It is not common to tip taxis for individual journeys, however to make it easier, many people round up to a convenient amount. If you are hiring a taxi for a few days, it is often recommended to tip around 10% of the total amount for those days.

Hotels

Hotel porters are usually tipped the equivalent of $1 USD per bag and housekeepers around $2 – $3 USD per day.

Is it safe to drink tap water in south america?

There is not one hard and fast rule for whether or not it is safe to drink the tap water in South America. Argentina, Chile and Uruguay are generally regarded as having safe drinking water, but if in doubt, ask locals or the hotel staff. All other countries in South America have not been classed as having safe drinking water.

The unwritten bargaining rules

In general, it is commonplace to haggle away to your heart’s content at any market in South America. However, it can be seen as aggressive and unacceptable in some countries so be sure to do specific research on that country. For example, in Chile they deem it as very impolite to haggle.

Markets will become a staple daily activity on your tour to South America. They are part of the way of life, the culture and the experience, so our advice to you is to get involved! This is where you’ll buy fresh fruit, food, souvenirs and products, so figuring out how to haggle is all part of the experience. Here’s a few tips:

Always greet the vendor with a friendly hello or another greeting in the local language – you will definitely earn points! It also bodes well to learn a few other key phrases and numbers.

If you are buying large amounts of one item in particular, ask for a discount or for a special price for the whole lot.

Never look too enthusiastic or the vendor will assume you have lots of money to splurge.

Once you’ve asked for the price, consider the amount of time the vendor has taken to give it to you. If it seems like an unusually long amount of time, chances are they are making the price up. So if it seems way above what you would be happy to pay, feel free to offer up to half the price they provided. If they drop their price even as little as 5%, you know it isn’t fixed, so feel free to keep adding on 10% to your offer as they reduce theirs until you both reach a happy medium.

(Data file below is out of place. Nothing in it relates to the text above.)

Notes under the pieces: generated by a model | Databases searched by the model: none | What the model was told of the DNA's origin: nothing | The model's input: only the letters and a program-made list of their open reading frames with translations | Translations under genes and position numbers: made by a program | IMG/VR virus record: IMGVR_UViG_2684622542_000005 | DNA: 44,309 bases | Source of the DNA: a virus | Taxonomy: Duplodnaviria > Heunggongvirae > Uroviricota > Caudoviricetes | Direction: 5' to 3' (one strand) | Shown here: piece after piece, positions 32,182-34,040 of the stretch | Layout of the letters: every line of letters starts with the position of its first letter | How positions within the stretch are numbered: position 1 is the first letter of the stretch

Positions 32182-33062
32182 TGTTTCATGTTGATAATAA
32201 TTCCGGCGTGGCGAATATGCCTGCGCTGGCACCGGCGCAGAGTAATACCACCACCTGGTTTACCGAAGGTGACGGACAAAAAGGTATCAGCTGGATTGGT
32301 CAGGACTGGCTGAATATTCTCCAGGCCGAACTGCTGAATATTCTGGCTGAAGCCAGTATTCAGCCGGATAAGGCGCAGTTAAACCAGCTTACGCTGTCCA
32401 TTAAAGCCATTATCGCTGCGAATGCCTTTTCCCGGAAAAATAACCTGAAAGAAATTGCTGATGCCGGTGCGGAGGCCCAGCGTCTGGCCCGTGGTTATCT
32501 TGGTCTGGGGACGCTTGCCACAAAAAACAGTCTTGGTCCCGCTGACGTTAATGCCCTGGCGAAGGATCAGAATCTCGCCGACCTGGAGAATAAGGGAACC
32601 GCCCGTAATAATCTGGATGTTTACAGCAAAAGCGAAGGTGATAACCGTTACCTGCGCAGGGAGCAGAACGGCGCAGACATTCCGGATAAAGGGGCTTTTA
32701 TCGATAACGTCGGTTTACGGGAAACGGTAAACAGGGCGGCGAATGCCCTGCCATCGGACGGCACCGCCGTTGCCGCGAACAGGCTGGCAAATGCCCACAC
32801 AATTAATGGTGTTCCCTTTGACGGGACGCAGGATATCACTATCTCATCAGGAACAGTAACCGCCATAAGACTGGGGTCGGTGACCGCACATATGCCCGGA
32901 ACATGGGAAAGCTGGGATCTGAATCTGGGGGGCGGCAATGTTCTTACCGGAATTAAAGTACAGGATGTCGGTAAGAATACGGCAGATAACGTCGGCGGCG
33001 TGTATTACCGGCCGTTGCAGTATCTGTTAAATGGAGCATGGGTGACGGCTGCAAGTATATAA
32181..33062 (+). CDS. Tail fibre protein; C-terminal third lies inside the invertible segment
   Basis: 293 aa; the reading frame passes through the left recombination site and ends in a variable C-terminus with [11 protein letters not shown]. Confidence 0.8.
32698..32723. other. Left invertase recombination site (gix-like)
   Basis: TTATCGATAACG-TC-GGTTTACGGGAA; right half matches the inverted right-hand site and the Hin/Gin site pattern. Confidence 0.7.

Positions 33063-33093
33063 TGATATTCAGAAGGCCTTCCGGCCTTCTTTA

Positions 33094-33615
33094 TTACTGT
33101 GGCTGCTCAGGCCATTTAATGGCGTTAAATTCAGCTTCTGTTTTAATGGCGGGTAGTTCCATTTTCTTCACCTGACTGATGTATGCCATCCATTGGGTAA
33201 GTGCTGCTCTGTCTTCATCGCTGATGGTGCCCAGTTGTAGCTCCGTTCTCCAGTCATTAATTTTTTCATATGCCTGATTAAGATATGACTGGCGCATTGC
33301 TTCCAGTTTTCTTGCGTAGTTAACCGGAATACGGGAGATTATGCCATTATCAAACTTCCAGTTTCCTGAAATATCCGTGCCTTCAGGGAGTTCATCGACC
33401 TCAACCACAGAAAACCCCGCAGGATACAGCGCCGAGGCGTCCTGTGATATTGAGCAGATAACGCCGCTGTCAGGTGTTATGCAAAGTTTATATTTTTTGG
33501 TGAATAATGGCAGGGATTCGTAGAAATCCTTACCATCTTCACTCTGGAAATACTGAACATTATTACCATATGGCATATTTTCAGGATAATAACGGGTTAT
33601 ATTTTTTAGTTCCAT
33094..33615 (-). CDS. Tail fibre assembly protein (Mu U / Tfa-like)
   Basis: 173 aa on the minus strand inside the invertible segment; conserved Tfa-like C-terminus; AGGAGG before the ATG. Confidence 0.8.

Is South America safe for single women?

As you can expect with a large continent such as South America, the safety levels can vary from place to place. Nevertheless, South America is one of the most widely travelled places in the world, even for solo female travellers. So a rule of thumb (especially if you are a first timer) is to stick to the backpacker path and you’ll probably be fine. Do some research in the countries you’ll be visiting and you’ll find countless tips on when and where to take extra care. Here’s a few tips for staying safe in South America:

Keep your wits about you in busy tourist areas such as Bogota. Don’t flash your cash and keep your belongings close to you in either a money wallet or a safely secured bag.

Overnight buses are another place to watch your things. Bags often go missing overnight so it’s best to keep them with you and wear a money belt to hold your cash and passport.

Don’t be afraid to ask for help. More often than not, locals are happy to offer guidance. If you are friendly, they will be friendly back. It’s always worth asking.

Avoid the ‘sketchy’ looking neighbourhoods, especially at night, and never alone. If you do want to explore the nightlife, stay in a hostel. This is where you’ll find most solo backpackers and chances are, they want to go out too. 

Don’t make yourself an easy target. If you’re lost, walk with confidence (even if it’s into the nearest shop to ask for directions). Don’t get too drunk – this makes you a very easy target for muggers. And lastly, try to blend in – don’t carry around expensive equipment in pure sight or roll out a giant map in the middle of the street.

Is wifi available?

In most areas, except for the really rural zones, you will be able to connect to free wifi in hostels, hotels, cafes and restaurants. However, if you are looking for internet cafes, they are much more rare than you would imagine!

Getting around

In general, the roads in South America leave much to be desired with many roads being in poor condition. However, tourism is booming in South America and as such, there is an extensive network of travel options available which aren’t usually too hard to navigate.

Trains

The train service, almost everywhere in South America, tends to be unreliable and not well serviced, so we tend to recommend using buses or planes instead.

Bus

There is a huge network of bus routes all across South America, connecting various countries to each other. If you have the luxury of time on your side, it can be one of the most cost effective and easiest ways to travel. However, believe us when we say the journeys are long! For crossing countries, you will usually hop on one bus to reach the border, then switch to another bus for the next leg of the journey.

Aeroplanes

Due to the large surface area of South America, it more often than not makes sense to fly. Domestic flights tend to be relatively cheap and it cuts out huge amounts of time compared with long-haul bus journeys. LAN is one of the most comprehensive flight services in South America, flying to most popular destinations. LAN have also created a Visit South America Airpass which services most countries at a discounted rate for up to 60 days.

Cars

If you are planning on sticking to one country, then a rental car could be an option. However, this is only recommended if you are a confident driver as the roads are often not in a very good condition. Car-rental companies tend to not allow their rentals to cross borders, so if you are planning on travelling around various countries in the region, it’s best to use another mode of transport.